Thames Street, running alongside the Thames River, developed as the residential, commercial and industrial center of the community and remained so through the 18th century. Broad Street (the "Road to Stonington") formed the northern boundary of activity. The region's economy and population continued to grow during the 18th century and New London remained one of Connecticut's largest and most important cities. Commensurate with the region's fortunes, Groton Bank grew apace. As the topography of the Bank was too steep to support agricultural cultivation, the settlement's economy continued to be based on maritime and commercial activity. In other parts of Groton, to the east, farms were established and the small crossroads villages still evident today grew but Thames Street remained the town's institutional and commercial focus with the meetinghouse and stores located there. Several modest mid- to late-18th century central and paired chimney houses and cottages still stand on Thames Street and testify, in their closeness to each other and to the street, to the densely-settled character of 18th-century Thames Street quality it retains today; these include the Parke Avery House (c.1750, 137 Thames Street), the Anna Warner Bailey House (1782, 108 Thames Street) and a gambrel-roofed house at 116-118 Thames Street (c.1750).
During the Revolutionary War, privateering became a profitable enterprise for the region's mariners. In anticipation of British reprisals, forts were constructed at New London and Groton: only Fort Griswold, above Groton Bank, completed in September, 1781, when Benedict Arnold and a force of British Regulars attacked New London hoping to distract Washington, then marching south to Yorktown. The ensuing battle at Fort Griswold, in which Colonel William Ledyard and many Groton Bank men were killed, occupies an important place in Connecticut's military history; a granite obelisk, raised in 1830, commemorates the event. The earthen fortifications are preserved at Fort Griswold State Park (National Register) which stands just outside the Groton Bank Historic District boundaries.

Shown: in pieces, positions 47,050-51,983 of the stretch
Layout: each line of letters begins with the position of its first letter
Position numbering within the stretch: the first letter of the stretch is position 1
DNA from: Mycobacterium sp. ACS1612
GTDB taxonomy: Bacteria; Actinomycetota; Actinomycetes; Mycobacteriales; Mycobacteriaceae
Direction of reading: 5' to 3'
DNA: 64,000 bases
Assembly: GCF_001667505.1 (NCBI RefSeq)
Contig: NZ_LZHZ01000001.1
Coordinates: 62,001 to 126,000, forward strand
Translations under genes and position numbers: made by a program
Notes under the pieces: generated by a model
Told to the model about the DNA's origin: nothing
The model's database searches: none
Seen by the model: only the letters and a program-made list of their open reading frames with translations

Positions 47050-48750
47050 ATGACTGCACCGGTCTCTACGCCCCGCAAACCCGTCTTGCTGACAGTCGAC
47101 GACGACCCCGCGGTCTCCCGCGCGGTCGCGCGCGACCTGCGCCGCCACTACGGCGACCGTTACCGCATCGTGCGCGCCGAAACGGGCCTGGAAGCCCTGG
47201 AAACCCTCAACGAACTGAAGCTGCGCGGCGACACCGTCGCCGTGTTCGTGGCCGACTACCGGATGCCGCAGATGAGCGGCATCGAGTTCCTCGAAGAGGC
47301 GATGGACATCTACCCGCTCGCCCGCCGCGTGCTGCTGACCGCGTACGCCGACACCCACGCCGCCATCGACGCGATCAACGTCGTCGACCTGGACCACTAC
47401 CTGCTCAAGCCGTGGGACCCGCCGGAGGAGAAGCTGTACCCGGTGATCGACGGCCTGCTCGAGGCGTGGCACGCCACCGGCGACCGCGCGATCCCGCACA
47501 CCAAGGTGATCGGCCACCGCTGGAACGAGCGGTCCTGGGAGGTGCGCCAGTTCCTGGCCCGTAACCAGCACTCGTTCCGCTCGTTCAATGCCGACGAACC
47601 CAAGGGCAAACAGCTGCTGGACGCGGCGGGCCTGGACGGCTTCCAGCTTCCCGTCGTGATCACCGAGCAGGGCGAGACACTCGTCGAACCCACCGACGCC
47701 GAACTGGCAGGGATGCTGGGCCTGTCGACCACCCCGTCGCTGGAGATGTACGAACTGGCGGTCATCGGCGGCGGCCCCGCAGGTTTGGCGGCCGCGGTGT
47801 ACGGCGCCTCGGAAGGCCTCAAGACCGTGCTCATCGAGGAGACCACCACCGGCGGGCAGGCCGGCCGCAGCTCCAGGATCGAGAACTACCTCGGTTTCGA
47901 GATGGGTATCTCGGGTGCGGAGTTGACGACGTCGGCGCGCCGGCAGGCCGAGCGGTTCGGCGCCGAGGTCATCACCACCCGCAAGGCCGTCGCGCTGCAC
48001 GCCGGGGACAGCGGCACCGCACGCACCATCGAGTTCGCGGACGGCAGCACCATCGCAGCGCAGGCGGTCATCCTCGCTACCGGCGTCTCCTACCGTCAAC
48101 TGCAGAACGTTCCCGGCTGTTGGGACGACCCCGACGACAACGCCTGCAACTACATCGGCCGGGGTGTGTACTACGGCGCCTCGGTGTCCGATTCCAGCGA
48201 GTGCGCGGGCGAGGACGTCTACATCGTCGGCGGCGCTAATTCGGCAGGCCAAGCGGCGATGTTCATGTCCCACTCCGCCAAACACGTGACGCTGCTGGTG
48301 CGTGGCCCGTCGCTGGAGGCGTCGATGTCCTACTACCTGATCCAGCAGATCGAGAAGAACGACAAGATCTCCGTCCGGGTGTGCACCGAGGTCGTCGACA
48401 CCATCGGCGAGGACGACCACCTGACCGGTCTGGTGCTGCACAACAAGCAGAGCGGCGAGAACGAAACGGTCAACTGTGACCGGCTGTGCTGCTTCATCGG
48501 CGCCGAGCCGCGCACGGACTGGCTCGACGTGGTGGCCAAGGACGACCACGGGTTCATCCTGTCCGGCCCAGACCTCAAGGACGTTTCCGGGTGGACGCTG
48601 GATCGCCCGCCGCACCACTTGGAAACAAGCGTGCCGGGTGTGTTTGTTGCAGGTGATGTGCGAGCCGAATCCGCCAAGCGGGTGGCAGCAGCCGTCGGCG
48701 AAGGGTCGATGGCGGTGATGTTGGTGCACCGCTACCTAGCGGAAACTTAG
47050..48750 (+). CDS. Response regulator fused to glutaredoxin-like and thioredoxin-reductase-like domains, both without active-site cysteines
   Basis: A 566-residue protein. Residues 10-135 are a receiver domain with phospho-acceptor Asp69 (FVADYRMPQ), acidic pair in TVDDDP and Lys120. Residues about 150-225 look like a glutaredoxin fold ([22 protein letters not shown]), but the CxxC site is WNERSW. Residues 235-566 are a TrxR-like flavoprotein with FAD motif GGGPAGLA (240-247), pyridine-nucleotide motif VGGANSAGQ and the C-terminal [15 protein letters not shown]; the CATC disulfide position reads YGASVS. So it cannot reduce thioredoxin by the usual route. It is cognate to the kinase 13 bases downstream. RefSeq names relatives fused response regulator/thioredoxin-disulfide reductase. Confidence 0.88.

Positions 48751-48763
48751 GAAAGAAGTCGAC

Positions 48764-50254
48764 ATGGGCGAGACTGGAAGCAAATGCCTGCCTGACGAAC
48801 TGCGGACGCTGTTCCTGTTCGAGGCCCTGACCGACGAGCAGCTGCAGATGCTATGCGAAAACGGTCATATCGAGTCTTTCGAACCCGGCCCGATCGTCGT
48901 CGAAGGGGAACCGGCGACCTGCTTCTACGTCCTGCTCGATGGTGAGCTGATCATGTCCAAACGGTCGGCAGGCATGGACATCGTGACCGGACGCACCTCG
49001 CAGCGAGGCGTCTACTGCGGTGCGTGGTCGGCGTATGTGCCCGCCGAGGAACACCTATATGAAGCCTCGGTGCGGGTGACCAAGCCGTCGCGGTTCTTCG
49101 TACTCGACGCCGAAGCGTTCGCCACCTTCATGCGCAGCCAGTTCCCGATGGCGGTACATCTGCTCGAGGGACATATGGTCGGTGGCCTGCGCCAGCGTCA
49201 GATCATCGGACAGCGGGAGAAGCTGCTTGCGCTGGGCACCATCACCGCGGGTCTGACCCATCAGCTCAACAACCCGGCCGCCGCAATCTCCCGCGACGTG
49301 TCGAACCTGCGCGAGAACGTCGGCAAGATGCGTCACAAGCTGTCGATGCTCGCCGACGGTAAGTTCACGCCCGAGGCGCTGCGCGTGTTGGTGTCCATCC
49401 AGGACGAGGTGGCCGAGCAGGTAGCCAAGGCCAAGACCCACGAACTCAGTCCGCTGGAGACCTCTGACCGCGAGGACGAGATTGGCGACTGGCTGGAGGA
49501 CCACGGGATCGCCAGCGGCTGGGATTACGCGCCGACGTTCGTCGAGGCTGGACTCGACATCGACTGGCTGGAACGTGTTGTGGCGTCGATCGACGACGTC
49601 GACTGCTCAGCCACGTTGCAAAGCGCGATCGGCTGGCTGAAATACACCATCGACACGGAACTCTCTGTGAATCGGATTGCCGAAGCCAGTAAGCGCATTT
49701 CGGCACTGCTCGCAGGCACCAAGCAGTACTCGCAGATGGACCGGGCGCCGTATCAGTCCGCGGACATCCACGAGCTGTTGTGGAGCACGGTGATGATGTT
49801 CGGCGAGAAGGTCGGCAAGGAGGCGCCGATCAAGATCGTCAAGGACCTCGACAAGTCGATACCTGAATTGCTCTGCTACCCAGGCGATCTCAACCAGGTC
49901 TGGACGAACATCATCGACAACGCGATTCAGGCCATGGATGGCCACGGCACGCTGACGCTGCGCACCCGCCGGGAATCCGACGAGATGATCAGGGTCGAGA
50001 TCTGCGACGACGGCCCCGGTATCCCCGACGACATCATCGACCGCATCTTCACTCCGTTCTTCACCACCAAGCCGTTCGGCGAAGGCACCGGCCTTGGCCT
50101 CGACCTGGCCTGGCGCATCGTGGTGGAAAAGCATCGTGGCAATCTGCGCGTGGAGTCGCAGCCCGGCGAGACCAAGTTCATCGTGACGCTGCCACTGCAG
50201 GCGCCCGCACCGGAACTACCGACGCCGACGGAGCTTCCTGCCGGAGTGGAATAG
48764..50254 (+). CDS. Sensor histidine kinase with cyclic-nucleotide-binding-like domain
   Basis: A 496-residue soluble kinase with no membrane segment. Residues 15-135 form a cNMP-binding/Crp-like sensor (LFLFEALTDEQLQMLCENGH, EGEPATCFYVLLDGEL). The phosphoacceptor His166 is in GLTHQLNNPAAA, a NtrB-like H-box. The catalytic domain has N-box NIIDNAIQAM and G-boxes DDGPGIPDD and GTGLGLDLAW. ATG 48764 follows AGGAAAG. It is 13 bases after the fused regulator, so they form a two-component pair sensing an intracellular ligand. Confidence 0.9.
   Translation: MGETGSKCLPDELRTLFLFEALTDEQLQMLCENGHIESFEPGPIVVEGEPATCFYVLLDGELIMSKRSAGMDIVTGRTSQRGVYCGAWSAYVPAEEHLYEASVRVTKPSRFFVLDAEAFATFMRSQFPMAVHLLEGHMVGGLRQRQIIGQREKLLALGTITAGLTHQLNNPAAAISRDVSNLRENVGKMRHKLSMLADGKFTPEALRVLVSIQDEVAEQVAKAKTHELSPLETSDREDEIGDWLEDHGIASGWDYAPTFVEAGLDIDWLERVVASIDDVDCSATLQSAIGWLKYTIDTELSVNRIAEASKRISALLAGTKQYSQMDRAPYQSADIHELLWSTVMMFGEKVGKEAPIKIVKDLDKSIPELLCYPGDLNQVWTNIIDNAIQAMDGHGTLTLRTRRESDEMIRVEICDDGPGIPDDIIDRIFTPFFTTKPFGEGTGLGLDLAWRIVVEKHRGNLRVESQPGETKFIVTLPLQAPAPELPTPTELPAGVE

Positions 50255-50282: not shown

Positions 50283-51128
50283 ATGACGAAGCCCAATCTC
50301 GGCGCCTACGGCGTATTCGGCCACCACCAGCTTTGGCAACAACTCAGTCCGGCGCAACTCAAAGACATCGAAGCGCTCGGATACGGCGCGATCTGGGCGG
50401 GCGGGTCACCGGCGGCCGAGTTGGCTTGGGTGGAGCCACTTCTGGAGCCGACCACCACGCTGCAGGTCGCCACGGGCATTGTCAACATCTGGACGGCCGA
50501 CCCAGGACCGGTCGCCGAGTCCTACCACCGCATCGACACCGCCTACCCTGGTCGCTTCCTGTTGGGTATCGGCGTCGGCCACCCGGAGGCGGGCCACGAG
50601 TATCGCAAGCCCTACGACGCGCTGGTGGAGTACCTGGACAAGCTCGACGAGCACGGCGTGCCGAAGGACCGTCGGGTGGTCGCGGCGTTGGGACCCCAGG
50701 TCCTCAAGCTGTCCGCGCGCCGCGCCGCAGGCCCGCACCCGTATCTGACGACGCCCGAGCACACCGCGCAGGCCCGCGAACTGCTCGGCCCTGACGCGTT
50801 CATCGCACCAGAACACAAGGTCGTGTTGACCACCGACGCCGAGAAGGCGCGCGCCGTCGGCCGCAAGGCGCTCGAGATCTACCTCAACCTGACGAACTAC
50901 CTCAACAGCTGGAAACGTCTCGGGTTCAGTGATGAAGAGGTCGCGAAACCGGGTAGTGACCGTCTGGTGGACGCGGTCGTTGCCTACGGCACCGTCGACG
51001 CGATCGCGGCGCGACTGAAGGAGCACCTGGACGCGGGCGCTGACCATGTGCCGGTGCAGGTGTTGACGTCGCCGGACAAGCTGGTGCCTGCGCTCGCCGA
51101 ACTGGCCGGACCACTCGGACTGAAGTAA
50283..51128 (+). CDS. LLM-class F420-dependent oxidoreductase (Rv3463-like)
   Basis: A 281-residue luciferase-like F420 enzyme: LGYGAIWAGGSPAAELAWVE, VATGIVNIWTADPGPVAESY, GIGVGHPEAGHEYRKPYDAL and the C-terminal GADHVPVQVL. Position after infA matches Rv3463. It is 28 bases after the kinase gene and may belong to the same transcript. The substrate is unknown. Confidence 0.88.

Before they withdrew, the British burned much of the settlement at Groton Bank. Recovery from that disaster seems to have been slow since extensive reconstruction was not immediate. In the rebuilding, center chimney houses like 198 Thames Street continued to be constructed along with a few center hall houses (142 Thames Street) but such late 18th-century houses are rare, as are Federal style houses (e.g. the hip-roofed Noyes Barber House, 1810, 30 Thames Street). Regionally, the effects of the Revolution curtailed growth. It was not until the establishment of the whaling industry after 1784 that prosperity slowly returned. As it traditionally had, New London's success (it was the third largest whaling port in New England) brought similar good fortune to Groton Bank. In 1838, some 300 Groton men were engaged at sea and many Groton Bank mariners distinguished themselves by their courage and ambition. In 1865, Captain Ebenezer Morgan in his ship "Pioneer" brought home a $150,000 cargo of whale oil and bone, thereby realizing a 300% profit on the voyage; Captain James Buddington salvaged the ice-bound British frigate "Resolute" in 1855, returning her safely to New London harbor. Another Groton skipper, Captain Joseph Holmes, doubled Cape Horn 83 times, supposedly more times than any man afloat. The good fortune of these sea captains is evidenced in the zany ambitious Greek Revival and Italianate houses built at Groton Bank in the 1830s and '40s. The brick side-hall Greek Revival house of Captain Waterman Buddington (1844, 91 Broad Street), a whaling captain who also served in the Connecticut legislature, is one of the most imposing of these; at least a half dozen other Greek Revival, Italianate or belated Federal style houses are associated with whaling captains while similar houses were being built by local tradesmen and craftsmen whose fortunes prospered with the burgeoning whaling industry.